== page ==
What is beautiful about being beautiful these days?

I like to think I am still a spring chicken. I haven’t yet reached middle age, I’m only a Glogau 1 (I think) on the classification of skin ageing and I’m not yet called ‘Mum.’

Yet, in just the short 30 years I have been alive, I have seen how we approach ageing and beauty. I do believe it has changed.

Rather than celebrating and highlighting our uniqueness, I believe we are toning down our differences and ‘botoxing’ our way to uniformity, in a desperate quest for anti-ageing.

When I look at my Grandma, to me, she is beautiful. A true British lady. She has lines on her face demonstrating her wisdom, a nose which distinguishes her as a ‘Fletcher’ and a light pale skin tone with rosy cheeks explaining that was born and bred within the United Kingdom. She is my Grandma and has never tried to be anyone else.

Despite this, she is so very vain! Adamant about being well presented, will not go out unless her hair is done and curled and ‘best of british’ to anyone who attempts to offer her a perm and style. It just won’t be right!

Yes, my Grandma has made the most of who she is. Yet she hasn’t altered her features underneath a surgeon. She hasn’t masked her genetics in favour for a ‘scientifically derived’ definition of beauty.

‘Beauty is symmetry, beauty is 30 degree eyebrow lines, eyebrow arches, eyebrows the perfect distance apart, beauty is a strong chin, beauty is clarity between the eyes and around the nose.’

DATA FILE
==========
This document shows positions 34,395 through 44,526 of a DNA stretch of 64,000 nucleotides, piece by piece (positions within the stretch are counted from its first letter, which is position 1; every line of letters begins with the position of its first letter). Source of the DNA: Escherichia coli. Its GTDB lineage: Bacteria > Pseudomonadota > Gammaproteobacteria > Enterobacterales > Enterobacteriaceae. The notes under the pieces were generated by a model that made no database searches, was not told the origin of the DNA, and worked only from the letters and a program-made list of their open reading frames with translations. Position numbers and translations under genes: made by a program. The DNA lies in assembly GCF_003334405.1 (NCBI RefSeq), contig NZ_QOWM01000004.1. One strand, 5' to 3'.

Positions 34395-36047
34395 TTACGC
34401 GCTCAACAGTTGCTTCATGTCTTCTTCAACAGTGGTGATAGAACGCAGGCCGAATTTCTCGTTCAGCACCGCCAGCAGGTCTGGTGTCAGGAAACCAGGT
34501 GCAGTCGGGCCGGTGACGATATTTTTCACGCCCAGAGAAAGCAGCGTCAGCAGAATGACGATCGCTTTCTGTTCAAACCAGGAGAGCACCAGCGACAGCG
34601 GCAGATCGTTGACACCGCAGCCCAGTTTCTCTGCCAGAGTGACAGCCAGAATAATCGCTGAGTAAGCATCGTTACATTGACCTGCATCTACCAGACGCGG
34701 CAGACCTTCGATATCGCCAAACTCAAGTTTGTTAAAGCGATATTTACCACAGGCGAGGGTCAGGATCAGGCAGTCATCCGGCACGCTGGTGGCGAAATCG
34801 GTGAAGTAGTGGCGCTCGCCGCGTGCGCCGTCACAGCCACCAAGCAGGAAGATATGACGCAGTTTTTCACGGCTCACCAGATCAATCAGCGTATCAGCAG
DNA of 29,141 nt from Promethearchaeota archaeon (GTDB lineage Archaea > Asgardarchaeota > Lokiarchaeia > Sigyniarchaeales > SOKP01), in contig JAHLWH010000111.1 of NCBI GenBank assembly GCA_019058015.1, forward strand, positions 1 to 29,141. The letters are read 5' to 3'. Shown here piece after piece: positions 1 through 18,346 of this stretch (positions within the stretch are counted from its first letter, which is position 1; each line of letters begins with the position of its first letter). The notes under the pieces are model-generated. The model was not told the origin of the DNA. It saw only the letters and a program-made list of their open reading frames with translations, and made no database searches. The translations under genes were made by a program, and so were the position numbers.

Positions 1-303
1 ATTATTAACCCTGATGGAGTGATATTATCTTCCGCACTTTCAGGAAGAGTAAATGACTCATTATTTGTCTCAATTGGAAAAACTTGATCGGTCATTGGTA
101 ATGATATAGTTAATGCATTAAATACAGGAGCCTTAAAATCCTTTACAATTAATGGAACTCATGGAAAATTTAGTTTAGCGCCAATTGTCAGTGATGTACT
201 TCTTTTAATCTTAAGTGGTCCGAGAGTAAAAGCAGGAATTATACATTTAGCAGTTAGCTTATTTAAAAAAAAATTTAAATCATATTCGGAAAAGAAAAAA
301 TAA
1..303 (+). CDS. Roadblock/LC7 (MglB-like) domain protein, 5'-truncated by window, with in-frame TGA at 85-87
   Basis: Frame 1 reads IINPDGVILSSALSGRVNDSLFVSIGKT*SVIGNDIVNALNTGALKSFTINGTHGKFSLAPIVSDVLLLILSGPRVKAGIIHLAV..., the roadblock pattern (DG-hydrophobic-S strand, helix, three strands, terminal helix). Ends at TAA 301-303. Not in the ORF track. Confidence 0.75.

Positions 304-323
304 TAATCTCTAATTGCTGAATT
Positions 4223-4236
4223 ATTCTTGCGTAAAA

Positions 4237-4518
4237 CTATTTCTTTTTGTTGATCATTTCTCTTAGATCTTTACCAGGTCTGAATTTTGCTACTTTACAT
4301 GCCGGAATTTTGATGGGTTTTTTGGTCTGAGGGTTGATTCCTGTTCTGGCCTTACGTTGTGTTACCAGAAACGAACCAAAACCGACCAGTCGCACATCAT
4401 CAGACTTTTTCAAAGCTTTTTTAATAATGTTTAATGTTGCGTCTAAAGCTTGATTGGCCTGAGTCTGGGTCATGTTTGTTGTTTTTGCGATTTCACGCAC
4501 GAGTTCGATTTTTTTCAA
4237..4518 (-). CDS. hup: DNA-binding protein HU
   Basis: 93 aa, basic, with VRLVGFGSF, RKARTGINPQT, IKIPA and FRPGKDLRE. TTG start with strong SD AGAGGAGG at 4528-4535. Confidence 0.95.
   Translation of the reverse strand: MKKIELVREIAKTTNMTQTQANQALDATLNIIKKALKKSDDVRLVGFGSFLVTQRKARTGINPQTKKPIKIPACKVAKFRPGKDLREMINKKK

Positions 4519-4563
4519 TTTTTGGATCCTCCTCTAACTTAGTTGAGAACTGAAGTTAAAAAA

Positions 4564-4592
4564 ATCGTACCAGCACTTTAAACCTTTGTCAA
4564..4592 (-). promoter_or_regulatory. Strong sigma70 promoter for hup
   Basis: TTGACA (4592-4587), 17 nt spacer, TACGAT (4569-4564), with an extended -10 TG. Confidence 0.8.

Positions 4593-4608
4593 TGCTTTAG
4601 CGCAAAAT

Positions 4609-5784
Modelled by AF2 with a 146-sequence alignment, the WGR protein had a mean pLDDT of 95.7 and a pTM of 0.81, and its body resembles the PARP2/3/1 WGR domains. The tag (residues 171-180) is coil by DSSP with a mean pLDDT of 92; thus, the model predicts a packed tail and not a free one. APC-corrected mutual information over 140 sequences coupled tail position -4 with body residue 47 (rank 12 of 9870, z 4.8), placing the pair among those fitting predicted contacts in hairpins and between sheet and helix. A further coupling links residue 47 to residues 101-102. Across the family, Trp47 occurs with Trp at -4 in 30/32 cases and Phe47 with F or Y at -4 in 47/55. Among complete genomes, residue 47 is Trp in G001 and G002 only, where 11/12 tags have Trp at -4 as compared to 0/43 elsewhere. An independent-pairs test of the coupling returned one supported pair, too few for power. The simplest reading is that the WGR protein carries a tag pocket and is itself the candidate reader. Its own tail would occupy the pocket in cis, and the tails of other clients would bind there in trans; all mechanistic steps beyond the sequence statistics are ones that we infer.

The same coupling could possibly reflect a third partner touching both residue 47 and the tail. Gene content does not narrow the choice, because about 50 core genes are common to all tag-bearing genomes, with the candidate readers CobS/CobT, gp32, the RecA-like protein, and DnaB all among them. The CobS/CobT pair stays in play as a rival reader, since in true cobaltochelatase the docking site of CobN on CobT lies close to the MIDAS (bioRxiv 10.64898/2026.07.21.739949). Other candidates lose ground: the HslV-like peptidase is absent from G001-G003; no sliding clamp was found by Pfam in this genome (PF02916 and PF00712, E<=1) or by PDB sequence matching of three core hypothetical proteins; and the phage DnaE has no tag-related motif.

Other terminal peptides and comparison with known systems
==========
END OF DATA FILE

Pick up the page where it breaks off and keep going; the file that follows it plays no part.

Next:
Or is it?

If we follow these guidelines in the quest for aesthetic perfection, won’t we all dilute down….. to being…the same?

Even with our skin colour, we peer across the fence to see what we do not have. I am from Liverpool and I confess ‘I have tanorexia.’ I do not leave the house without the spray tan that my husband hates.

Yet I work in a clinic where, daily, I am requested for whitening treatments by women with enviable rich, deep skin tones. I reluctantly prescribe vitamin C, Glutathione etc and then watch as their skin tone meets mine over the course of their treatment. From my extreme to theirs, we are united in the middle and become – not too dissimilar. Despite my skin emerging from the rainy docks and theirs from the desert.

As we become more and more international, our familial characteristics, the heritage in our features and skin types will become more and more alike. Coupled with treatments like botox, fillers, evening out our contours, removing our individualized expressions. What will be left of ours?

I have worked in cosmetics, I love elements of cosmetic medicine and science led cosmeceuticals. I am a victim myself of seeking the impossible perfection! ‘This is fixed, so what next to realise that is imperfect about me…’

But at some point we need to remember to be us. Concentrate on good skin care, maximizing our own potential without altering ourselves to the point where we lack our own individuality. Just concentrate on being you and I will concentrate on being me.

And as I often try to consider myself, those that are happy are the most beautiful of all, and you can’t be happy without first being content with what you have and what you are.

If you are the leggy blonde with fine hair; rock it. If you are the sweet looking pixie type; rock it. If you are the broad shouldered black hair pale skin type; rock it. Just don’t try to change it (too much.)

Many Jennas

‪#‎health‬ ‪#‎skin‬ ‪#‎antiageing‬ ‪#‎lifeintheslowlane‬ ‪#‎unique‬ ‪#‎mydubai‬ ‪#‎individual‬ ‪#‎beourselves‬ ‪#‎beauty‬ ‪#‎generation‬

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